There are many things to consider when looking at amp specs. The most important in my mind is the fact that a speaker is not a constant resistive load. The M80 only drops to 4ohm in certain frequency ranges Impedance graph
Amps are not asked to produce continuous high power levels, it is transient and most power is required by the woofers so if your using a sub and not powering the lower frequencies the required power is much lower. This is why sub amps are such high power .
Read the posts on page 4 and 5 of this thread by Andrew, it explains something that is really quite complicated in an easy to understand fashion that even I can wrap my mind around.
I am not sure what other questions you had other than why some amps double their power into 4 ohms. The AdA amps do up to point where the power supply can no longer maintain current to the rails. 3 channels seems to be the limit ,If they used an even larger power supply and 20A circuit they could maintain rail voltage over more channels.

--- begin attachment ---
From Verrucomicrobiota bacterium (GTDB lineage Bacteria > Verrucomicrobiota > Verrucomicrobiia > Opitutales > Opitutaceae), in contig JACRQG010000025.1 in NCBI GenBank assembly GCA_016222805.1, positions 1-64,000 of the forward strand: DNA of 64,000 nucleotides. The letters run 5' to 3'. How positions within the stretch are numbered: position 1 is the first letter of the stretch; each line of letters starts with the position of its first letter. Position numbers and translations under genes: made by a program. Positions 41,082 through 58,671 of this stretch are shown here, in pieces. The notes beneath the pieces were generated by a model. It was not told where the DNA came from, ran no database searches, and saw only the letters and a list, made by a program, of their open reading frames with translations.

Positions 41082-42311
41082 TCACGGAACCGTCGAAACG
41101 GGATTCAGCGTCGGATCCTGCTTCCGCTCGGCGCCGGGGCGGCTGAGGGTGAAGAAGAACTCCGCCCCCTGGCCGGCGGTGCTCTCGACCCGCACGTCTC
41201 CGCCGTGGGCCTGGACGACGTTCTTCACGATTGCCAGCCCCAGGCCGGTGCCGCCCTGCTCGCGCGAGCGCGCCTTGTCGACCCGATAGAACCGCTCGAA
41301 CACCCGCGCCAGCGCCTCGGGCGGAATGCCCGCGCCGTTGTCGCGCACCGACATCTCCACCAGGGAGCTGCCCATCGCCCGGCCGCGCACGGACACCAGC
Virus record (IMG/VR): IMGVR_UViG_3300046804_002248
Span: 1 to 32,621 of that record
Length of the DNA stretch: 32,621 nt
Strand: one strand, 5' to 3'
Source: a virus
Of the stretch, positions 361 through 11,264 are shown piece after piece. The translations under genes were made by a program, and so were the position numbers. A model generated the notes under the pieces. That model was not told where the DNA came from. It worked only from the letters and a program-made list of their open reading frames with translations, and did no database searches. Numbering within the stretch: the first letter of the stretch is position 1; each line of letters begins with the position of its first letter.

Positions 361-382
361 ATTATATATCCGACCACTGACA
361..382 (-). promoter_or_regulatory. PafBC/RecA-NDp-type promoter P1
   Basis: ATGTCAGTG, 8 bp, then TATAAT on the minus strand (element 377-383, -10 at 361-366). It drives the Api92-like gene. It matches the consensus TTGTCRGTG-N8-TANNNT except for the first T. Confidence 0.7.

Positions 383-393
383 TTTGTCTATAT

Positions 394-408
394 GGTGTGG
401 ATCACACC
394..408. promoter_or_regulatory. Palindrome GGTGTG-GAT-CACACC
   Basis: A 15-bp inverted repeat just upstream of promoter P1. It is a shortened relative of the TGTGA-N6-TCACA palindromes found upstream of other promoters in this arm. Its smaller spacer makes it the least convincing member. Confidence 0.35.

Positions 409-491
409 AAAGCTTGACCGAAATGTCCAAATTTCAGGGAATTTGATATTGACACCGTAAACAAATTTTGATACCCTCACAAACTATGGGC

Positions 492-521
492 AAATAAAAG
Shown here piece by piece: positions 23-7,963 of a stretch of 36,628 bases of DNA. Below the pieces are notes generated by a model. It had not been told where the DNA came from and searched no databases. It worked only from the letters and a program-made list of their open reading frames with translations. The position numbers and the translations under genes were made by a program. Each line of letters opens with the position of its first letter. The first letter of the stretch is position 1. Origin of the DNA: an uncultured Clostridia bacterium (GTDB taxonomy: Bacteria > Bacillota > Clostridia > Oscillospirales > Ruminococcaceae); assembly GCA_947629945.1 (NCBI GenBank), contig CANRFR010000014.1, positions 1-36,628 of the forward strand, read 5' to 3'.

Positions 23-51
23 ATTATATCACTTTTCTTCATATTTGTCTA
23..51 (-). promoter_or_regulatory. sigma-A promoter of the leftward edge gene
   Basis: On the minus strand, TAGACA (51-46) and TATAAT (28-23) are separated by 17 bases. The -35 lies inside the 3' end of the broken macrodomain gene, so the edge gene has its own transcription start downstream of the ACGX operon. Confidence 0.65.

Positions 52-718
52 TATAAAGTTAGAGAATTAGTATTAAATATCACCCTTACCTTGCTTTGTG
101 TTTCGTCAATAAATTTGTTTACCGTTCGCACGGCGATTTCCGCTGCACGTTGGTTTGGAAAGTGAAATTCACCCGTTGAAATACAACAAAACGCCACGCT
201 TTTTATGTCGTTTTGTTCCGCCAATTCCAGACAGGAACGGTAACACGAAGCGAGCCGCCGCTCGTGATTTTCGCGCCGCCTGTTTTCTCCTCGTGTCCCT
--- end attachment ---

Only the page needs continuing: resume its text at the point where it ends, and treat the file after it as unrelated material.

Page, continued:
The rail voltage remains constant until we reach the maximum continuous current capability of the power supply, at which time the rail voltage will reduce or "sag". This is why the power output drops at a certain point when more channels are added. At that point the maximum rail voltage is no longer the limiting factor in output power, it's now the supply current and the subsequent drop in rail voltage. If we had an unlimited supply current available, the power output would keep doubling at each halving of the load impedance until we reach the current limits of the amplifier output stage, which has current limiting protection. On the A1500 this will not take place until you're down into sub-2ohm territory.
DOG is GOD spelled backwards.
I blame my terseness on my keyboard.